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Russia says secondary sanctions are hurting export revenues, oil payments

Russian oil cargo Pure Point anchored at port in Karachi

By Elena Fabrichnaya and Alexander Marrow

MOSCOW (Reuters) - Expanded sanctions on Russia and enhanced pressure on countries that Moscow considers friendly are hurting Russian firms' export revenues and creating oil payment issues, the Bank of Russia said on Friday.

The United States has hit Russia with waves of Ukraine-related sanctions and threatened secondary sanctions on foreign banks aiding transactions with Moscow. That has prompted some Chinese banks to limit dealings with Russian companies.

"The widening of sanctions and pressure on friendly countries leads to companies' reduced export revenue," the central bank said in a report on financial stability in a section titled "main vulnerabilities".

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Russia distinguishes between countries that imposed sanctions over its actions in Ukraine and those that did not by calling them 'unfriendly' and 'friendly'.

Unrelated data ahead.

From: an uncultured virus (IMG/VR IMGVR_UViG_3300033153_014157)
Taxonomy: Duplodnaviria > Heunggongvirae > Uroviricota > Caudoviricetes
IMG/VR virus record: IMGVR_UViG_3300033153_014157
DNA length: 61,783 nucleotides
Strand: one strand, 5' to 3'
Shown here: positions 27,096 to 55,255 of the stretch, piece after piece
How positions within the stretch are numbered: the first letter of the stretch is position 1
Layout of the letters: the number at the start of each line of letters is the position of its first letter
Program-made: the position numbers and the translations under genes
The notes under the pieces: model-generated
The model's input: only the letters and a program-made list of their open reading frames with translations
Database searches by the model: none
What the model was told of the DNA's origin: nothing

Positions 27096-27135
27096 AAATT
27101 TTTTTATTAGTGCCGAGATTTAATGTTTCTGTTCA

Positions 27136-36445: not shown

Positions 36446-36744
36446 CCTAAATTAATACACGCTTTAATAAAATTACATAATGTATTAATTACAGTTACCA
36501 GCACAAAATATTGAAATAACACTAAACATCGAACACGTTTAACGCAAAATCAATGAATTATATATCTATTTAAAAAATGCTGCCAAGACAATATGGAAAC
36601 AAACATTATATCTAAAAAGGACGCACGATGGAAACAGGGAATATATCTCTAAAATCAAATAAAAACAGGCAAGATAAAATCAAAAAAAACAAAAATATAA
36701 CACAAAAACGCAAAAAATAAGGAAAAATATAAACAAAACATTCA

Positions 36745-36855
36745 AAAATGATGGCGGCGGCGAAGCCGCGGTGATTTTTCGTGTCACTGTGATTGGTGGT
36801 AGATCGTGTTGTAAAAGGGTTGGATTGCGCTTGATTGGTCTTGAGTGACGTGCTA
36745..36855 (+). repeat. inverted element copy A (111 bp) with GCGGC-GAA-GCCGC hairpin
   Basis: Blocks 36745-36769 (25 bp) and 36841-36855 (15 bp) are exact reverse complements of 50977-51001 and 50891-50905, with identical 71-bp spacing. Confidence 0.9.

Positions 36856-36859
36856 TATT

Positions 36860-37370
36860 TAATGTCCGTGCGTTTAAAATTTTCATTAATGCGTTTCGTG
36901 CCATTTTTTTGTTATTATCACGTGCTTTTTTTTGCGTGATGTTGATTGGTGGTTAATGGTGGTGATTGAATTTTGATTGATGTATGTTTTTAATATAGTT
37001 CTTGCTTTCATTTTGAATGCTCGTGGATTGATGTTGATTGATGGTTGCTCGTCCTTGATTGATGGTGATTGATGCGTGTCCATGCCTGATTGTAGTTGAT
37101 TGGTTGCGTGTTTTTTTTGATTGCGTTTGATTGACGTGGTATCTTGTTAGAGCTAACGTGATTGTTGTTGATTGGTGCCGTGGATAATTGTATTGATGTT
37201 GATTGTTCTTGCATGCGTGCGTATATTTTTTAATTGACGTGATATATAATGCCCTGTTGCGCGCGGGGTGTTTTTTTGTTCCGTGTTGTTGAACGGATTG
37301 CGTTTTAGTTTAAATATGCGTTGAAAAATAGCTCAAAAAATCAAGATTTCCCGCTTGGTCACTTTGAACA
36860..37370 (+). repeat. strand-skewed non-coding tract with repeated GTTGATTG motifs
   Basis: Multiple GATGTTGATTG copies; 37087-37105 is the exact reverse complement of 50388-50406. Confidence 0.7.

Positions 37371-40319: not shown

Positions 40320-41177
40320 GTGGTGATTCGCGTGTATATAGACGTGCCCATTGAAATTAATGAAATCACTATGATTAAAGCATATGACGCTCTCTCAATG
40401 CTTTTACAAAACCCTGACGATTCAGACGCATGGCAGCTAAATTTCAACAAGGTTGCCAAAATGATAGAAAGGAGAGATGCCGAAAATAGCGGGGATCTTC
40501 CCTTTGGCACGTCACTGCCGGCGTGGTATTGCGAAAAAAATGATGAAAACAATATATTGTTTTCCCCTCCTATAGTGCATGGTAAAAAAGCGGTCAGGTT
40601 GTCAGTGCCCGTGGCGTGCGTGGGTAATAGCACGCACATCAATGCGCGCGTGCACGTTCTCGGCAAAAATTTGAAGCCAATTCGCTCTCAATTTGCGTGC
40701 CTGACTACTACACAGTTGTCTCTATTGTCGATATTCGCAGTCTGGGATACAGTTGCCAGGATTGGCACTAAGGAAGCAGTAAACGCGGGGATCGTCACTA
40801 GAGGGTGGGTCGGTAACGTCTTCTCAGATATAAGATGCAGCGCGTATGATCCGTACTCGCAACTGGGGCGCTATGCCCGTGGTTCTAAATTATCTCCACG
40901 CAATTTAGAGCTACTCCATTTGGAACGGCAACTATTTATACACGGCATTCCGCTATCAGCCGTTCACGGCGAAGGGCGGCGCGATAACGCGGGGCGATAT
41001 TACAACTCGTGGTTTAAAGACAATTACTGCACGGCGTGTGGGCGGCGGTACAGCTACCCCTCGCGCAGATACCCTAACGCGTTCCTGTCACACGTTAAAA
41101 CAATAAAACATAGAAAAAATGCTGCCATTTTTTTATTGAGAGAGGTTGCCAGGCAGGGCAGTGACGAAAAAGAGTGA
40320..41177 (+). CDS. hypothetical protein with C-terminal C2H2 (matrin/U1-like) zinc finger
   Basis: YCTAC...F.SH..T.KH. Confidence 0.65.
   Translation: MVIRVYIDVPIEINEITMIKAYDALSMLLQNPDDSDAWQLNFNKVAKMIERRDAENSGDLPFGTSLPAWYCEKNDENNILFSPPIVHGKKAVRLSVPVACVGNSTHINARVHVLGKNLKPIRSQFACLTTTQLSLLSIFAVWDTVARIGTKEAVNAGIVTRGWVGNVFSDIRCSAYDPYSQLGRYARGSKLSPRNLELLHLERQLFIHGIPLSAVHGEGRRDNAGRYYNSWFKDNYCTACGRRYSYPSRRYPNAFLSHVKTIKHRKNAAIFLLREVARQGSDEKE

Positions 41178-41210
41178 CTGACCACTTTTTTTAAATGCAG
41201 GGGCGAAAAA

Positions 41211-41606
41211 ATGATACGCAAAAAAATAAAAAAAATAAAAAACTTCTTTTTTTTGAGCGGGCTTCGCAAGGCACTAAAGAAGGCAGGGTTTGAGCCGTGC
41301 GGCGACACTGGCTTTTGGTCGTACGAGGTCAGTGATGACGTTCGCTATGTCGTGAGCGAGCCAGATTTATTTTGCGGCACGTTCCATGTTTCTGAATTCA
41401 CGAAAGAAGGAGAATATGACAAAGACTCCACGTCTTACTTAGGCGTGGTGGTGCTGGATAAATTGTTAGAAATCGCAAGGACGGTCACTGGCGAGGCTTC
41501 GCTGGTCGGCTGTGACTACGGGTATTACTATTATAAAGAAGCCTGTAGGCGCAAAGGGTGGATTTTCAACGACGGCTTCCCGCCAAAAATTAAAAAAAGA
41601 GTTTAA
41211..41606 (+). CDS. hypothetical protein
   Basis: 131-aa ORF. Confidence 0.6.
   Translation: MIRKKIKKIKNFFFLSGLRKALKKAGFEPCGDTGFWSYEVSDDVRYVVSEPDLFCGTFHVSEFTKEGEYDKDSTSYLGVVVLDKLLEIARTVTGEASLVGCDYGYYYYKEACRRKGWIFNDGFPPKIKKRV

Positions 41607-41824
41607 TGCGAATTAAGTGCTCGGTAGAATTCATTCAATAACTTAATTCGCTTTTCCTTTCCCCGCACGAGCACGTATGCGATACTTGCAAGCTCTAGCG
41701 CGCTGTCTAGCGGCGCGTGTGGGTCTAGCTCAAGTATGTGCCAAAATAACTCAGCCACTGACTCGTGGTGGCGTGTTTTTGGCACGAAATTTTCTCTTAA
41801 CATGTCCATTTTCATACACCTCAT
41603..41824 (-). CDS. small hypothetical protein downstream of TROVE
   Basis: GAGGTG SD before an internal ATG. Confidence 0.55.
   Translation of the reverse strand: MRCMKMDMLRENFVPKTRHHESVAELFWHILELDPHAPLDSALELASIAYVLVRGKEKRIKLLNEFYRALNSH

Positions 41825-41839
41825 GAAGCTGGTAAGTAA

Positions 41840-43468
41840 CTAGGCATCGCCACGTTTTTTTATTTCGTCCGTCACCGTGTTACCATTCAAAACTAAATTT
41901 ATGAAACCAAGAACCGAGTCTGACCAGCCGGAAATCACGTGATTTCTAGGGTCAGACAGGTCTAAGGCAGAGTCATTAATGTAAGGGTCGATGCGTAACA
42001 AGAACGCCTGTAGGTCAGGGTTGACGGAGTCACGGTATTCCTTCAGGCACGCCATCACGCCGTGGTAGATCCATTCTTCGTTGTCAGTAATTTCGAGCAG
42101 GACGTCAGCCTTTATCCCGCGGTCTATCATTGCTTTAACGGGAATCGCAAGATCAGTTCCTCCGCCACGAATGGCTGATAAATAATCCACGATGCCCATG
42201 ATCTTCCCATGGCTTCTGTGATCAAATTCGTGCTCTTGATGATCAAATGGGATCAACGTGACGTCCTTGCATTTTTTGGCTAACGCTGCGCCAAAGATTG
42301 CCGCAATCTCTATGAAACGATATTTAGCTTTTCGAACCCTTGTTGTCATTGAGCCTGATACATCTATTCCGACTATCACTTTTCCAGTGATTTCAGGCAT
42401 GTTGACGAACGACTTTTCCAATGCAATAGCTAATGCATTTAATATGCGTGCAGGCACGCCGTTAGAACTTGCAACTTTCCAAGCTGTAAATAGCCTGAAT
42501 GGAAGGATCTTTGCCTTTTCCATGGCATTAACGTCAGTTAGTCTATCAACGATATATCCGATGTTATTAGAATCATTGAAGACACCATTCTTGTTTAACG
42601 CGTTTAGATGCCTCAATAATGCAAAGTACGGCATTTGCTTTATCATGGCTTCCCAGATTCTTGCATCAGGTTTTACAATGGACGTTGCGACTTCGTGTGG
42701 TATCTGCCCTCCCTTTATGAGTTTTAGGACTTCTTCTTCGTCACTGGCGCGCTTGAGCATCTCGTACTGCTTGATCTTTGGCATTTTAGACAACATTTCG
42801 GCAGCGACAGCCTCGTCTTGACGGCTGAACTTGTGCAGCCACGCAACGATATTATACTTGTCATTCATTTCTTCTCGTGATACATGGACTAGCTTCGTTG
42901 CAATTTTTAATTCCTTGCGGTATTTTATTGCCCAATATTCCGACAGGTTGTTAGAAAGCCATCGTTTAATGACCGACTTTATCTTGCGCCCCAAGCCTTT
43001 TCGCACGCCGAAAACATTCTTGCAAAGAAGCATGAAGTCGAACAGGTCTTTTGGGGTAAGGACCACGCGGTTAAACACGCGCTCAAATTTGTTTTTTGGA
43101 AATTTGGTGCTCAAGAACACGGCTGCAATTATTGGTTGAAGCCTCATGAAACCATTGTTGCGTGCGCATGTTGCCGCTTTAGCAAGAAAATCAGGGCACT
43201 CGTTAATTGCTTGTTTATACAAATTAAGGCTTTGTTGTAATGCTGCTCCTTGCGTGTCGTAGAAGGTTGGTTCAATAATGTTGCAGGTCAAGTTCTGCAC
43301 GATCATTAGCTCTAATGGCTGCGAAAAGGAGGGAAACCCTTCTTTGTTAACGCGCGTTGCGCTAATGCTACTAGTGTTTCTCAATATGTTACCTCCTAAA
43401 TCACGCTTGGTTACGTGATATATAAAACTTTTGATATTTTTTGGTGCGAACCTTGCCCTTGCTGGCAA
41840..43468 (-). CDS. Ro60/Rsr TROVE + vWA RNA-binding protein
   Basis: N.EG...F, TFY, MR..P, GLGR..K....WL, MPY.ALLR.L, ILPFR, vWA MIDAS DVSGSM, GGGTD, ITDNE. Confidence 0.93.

"Unfriendly countries are hindering not only the sale of hydrocarbons, but also the realisation of major investment projects," the bank said. "Against the backdrop of secondary sanctions, supply chains and payment mechanisms are becoming more complicated, which leads to higher import prices and supply disruptions."

The threat of secondary sanctions has also slowed Russian banks' increasing the number of correspondent accounts in friendly jurisdictions, the central bank said. Since the start of 2022, the number of correspondent accounts in U.S. dollars and euros has dropped by 55%, it said.

U.S. Treasury Secretary Janet Yellen on Tuesday said Washington's new authority to hit banks with secondary sanctions if they aid Russian military-related transactions had helped to frustrate Russia's efforts to procure goods needed for the conflict in Ukraine, but that more work was needed.

Yellen said the most concerning Russian sanctions evasion activity was coming through China, the United Arab Emirates and Turkey. She added that the Treasury was "working to disrupt evasion wherever we see it, from Central Asia to the Caucasus and throughout Europe."

(Reporting by Elena Fabrichnaya in Moscow and Alexander Marrow in London; Editing by Toby Chopra)